Skip to main content
Patient Education Logo

Blood Cancers and CAR T-Cell Therapy

Home > Condition Treatments > CAR-T Basics

Leukemia and lymphoma are cancers of the blood cells. These cancer cells are still recognized as “self” cells by the immune system, which then fails to eliminate them. However, CAR T-cell therapy is a treatment approach that modifies T cells, a type of immune system cell, so that they have the ability to recognize and kill cancer cells.

The CAR T-Cell Therapy Process

T cells are white blood cells that play a key role in our immune system by searching for and destroying foreign substances in the body called antigens. They are well-equipped to take on a cold virus, but cancer is a different story. Blood cancers like lymphoma and leukemia occur because normal blood cells mutate, or change, into cancer cells, which invade the immune system cells, including T cells. Since these cancer cells are mutated versions of a person’s own normal cells, the immune system does not identify them as foreign or perceive them as threats. However, a treatment approach called CAR T-cell therapy helps the immune system actually recognize these cancer cells as a threat and eliminate them.

CAR T-cell therapy uses a multi-step process to modify a person’s T cells:

Evaluation is the first step in determining whether someone is eligible for CAR T-cell therapy. Patients need to meet with their care team to determine if CAR T-cell therapy is an appropriate option. Currently, CAR T-cell therapy is only FDA approved for use as a secondary option for cancer treatment. Patients aren’t eligible for this type of therapy unless they have had two recurrences or relapses, or have never gone into remission following standard care like chemotherapy, or other cancer treatments. Some CAR T-cell therapies also have age-based criteria.

Collection is the next step, once a person is deemed eligible. Blood is drawn from a person’s body, and the T cells are separated from the rest of the blood. This is usually achieved by a procedure called leukapheresis. The plasma and red cells are then returned to the body.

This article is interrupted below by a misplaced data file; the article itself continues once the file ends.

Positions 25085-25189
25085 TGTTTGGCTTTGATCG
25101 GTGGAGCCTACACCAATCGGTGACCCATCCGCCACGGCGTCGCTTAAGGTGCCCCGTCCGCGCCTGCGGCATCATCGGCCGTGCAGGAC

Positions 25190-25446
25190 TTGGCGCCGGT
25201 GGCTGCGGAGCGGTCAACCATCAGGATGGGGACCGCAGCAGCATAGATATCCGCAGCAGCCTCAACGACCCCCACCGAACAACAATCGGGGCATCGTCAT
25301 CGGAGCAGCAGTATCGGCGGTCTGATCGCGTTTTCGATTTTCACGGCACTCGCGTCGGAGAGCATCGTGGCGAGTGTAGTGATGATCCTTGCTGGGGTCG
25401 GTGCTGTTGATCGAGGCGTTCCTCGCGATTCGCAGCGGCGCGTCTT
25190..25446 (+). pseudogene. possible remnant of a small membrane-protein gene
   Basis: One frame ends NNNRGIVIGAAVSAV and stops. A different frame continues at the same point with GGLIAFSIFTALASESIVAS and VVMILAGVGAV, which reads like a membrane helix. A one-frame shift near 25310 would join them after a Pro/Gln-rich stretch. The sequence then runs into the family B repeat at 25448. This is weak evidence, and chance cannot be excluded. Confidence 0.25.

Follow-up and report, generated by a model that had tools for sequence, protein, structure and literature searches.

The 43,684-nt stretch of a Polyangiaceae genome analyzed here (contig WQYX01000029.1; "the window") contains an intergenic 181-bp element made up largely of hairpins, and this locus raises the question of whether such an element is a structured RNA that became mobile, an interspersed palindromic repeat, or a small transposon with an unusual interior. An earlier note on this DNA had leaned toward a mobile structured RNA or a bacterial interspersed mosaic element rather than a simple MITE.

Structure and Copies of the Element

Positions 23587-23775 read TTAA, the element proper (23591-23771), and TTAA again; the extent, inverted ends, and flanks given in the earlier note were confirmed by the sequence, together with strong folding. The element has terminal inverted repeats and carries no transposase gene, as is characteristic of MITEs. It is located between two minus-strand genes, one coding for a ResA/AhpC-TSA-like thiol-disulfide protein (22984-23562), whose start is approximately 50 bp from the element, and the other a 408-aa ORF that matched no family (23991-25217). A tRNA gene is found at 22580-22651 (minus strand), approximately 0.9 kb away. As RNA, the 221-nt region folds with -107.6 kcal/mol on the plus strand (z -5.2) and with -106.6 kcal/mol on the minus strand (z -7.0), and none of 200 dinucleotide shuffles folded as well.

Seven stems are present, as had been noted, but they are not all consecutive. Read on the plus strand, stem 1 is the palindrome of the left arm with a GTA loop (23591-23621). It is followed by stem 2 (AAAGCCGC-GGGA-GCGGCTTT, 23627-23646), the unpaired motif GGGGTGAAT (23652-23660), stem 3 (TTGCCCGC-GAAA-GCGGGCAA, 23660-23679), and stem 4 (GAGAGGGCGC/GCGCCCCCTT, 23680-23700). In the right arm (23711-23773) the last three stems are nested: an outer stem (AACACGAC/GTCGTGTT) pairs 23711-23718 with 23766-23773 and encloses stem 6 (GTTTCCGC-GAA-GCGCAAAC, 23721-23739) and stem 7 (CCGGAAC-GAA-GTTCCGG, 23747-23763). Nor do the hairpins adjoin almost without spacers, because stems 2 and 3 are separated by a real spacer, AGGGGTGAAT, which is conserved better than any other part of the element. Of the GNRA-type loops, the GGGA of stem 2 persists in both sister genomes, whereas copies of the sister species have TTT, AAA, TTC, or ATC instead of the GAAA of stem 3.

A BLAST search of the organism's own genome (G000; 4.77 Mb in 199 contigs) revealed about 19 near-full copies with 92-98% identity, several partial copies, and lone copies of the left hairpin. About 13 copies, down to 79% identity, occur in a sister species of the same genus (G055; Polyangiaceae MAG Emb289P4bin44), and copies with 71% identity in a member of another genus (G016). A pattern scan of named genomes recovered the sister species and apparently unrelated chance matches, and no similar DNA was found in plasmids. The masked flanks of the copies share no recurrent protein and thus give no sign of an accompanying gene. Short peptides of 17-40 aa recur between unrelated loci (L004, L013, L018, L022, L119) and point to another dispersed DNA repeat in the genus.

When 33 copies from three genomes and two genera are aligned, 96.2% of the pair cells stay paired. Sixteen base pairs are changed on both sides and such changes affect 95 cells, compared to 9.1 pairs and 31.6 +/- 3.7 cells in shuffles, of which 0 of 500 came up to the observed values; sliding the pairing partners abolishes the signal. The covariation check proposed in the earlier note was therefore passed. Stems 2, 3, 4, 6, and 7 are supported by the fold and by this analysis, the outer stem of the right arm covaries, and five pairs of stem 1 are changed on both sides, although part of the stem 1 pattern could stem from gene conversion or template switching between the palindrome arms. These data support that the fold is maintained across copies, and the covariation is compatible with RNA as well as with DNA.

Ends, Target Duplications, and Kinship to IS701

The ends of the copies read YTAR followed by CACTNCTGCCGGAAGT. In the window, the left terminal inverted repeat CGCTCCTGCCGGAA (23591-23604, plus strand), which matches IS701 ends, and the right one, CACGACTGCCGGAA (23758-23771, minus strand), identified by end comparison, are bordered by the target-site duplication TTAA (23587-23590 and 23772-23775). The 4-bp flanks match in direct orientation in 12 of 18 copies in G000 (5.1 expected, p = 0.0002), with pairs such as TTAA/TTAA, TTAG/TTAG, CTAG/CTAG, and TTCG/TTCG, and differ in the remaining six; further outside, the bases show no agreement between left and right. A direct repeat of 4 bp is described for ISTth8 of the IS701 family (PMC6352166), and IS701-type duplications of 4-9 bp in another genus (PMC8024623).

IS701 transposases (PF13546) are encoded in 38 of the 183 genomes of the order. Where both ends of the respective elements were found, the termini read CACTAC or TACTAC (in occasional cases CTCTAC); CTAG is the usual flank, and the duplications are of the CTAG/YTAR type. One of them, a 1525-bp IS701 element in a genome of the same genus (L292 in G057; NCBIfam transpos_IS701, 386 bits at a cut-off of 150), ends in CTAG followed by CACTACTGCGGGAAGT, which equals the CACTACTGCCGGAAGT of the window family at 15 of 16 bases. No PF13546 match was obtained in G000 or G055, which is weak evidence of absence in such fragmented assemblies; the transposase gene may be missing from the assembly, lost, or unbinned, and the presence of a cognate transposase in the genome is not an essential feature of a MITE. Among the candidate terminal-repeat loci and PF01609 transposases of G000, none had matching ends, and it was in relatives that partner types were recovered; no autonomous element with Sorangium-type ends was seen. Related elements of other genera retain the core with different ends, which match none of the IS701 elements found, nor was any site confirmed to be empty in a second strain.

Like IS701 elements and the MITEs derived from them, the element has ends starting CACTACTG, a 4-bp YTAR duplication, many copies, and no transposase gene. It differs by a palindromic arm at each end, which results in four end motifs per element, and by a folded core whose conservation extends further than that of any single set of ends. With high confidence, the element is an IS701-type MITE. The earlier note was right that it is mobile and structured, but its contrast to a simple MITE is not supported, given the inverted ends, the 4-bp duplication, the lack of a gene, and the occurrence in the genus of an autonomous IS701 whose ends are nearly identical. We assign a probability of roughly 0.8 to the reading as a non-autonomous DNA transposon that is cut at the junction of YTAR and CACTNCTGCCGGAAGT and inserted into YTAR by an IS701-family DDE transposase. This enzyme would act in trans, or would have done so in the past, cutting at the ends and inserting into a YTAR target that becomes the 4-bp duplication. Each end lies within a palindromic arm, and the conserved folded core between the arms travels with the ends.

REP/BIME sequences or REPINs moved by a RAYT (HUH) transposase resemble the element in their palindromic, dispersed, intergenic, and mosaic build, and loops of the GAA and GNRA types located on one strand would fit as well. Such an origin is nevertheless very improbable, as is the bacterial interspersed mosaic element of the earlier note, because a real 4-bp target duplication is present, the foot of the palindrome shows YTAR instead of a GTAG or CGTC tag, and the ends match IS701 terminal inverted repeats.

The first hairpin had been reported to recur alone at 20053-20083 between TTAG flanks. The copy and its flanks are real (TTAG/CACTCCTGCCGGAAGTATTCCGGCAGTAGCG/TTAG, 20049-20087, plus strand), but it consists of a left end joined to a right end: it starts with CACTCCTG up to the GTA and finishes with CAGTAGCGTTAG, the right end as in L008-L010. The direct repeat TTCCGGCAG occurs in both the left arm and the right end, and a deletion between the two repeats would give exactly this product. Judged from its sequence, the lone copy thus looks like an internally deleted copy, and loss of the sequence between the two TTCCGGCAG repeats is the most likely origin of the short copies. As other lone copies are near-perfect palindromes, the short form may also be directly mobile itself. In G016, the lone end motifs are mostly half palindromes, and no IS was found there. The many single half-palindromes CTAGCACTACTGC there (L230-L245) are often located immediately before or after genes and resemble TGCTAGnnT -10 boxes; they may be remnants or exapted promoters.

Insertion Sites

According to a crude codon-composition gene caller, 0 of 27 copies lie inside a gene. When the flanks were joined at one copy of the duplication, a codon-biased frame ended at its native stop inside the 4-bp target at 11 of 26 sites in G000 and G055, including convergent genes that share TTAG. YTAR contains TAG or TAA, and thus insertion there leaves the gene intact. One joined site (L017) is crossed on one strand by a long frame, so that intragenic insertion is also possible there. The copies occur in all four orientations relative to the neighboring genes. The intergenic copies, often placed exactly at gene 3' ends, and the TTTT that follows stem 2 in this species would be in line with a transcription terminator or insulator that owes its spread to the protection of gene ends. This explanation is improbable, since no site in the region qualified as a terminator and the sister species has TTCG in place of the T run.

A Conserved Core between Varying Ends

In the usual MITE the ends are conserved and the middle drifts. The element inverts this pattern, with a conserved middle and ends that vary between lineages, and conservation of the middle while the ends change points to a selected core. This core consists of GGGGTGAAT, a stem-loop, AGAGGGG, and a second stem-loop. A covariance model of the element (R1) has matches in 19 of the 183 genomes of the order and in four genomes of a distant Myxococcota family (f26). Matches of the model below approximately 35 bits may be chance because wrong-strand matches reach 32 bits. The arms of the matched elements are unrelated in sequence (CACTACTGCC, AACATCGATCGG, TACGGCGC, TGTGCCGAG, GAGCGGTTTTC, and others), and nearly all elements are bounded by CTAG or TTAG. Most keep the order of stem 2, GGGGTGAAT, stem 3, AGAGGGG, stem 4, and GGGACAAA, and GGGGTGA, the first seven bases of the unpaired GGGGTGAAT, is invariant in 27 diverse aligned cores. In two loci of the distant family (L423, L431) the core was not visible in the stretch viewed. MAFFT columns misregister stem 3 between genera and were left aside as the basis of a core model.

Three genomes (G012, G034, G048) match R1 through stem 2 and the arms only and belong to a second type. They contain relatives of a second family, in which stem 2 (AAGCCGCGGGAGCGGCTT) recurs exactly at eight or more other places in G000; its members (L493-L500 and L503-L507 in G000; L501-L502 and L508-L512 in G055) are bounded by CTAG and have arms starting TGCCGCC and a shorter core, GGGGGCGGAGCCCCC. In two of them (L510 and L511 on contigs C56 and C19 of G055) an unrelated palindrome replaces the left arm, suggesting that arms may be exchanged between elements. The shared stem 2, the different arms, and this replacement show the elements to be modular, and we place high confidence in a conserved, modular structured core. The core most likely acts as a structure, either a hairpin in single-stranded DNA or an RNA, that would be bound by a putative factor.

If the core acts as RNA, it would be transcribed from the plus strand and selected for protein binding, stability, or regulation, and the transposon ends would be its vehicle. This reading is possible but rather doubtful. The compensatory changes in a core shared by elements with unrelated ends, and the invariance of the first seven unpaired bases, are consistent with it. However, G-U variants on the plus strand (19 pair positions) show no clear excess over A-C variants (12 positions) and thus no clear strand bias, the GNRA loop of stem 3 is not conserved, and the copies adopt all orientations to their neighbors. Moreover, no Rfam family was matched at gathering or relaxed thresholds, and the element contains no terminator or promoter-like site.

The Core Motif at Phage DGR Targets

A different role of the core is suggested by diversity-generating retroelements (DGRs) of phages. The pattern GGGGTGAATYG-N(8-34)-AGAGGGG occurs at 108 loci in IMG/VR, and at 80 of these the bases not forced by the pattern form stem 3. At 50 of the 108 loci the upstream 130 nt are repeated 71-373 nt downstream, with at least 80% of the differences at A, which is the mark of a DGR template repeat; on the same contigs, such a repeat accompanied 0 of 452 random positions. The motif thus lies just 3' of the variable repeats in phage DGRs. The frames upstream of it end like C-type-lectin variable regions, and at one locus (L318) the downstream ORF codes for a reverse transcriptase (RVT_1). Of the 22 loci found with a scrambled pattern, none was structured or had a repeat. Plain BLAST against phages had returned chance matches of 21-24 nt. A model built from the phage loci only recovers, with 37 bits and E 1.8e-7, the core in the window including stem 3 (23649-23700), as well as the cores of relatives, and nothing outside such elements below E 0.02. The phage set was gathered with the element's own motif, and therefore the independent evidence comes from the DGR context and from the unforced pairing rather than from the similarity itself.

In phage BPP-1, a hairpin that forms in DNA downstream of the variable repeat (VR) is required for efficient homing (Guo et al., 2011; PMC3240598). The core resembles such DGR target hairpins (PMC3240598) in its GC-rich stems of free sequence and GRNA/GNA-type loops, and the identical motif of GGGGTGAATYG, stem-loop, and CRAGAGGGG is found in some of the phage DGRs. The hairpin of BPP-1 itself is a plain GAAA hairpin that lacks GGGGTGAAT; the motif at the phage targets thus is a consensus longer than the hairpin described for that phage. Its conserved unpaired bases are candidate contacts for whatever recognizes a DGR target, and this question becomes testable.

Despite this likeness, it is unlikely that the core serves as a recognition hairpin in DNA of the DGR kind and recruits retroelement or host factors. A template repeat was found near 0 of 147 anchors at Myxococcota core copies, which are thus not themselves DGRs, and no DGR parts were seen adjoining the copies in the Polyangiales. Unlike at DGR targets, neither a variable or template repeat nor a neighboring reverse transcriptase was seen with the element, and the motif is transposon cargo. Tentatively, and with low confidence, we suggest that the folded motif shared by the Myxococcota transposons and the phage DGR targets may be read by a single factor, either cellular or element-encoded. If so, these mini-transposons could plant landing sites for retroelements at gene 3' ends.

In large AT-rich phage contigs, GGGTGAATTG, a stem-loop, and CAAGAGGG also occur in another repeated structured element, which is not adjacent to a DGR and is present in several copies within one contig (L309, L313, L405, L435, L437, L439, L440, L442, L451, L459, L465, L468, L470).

Manufacturing phase is when the collected T cells are shipped to a facility where scientists add a gene to the T cells that instructs the cells to develop an artificial receptor called a chimeric antigen receptor, or CAR. Chimeric means that a person, organ or tissue has cells not originally from itself, such as from a transplant. Chimeric antigen receptors allow T cells to recognize and bind to antigens on the surface of the cancer cells, hence the name CAR T-cell therapy.

Vectors are delivered into T cells with genetic instructions that allow a normal T cell to become a CAR T-cell. Vectors are often derived from viruses because they are capable of entering cells to deliver genetic material, such as a working gene. But don’t worry, all viral genes are removed and the vector is modified to only deliver therapeutic genes into cells.

Modified T cells are then grown in a lab setting until there are millions of them. The T cells are then frozen and sent to the care center where the person receiving the therapy is being treated. Patients require conditioning (or lymphodepleting) therapy before the infusion of CAR T-cells, which is chemotherapy that creates space for CAR T cells to expand and increase in numbers within the body. This increase in numbers of CAR T-cells within the body is important because it ensures there are enough CAR T-cells to take on the tumor cells.

Infusion phase involves injecting the modified CAR T-cells back into the person’s bloodstream, where they will travel to locations of tumor cells.

Recovery period follows the infusion process, for usually two to three months. During this time, people are evaluated for side effects and monitored for how their body is responding to the treatment. This recovery period can occur in the hospital or with frequent clinic visits, and patients may require supportive treatments, such as antibiotics or blood transfusions. Ideally the person will go into remission following the treatment. However, there is also the potential for an adverse event like cytokine release syndrome, which is described in-depth in the “Risks” section below. Even with a successful recovery, it is essential that the patient continue with long-term follow up appointments as needed. As months or years pass, there needs to be data showing that the therapy is effective and long lasting.

Pathway to Treatment

FDA-Approved Therapies

There are currently six FDA-approved CAR T-cell therapies with others being researched.

  • Abecma is approved for adults with relapsed or refractory multiple myeloma after four or more prior lines (different types) of therapy, including an immunomodulatory agent, a proteasome inhibitor, and an anti-CD38 monoclonal antibody.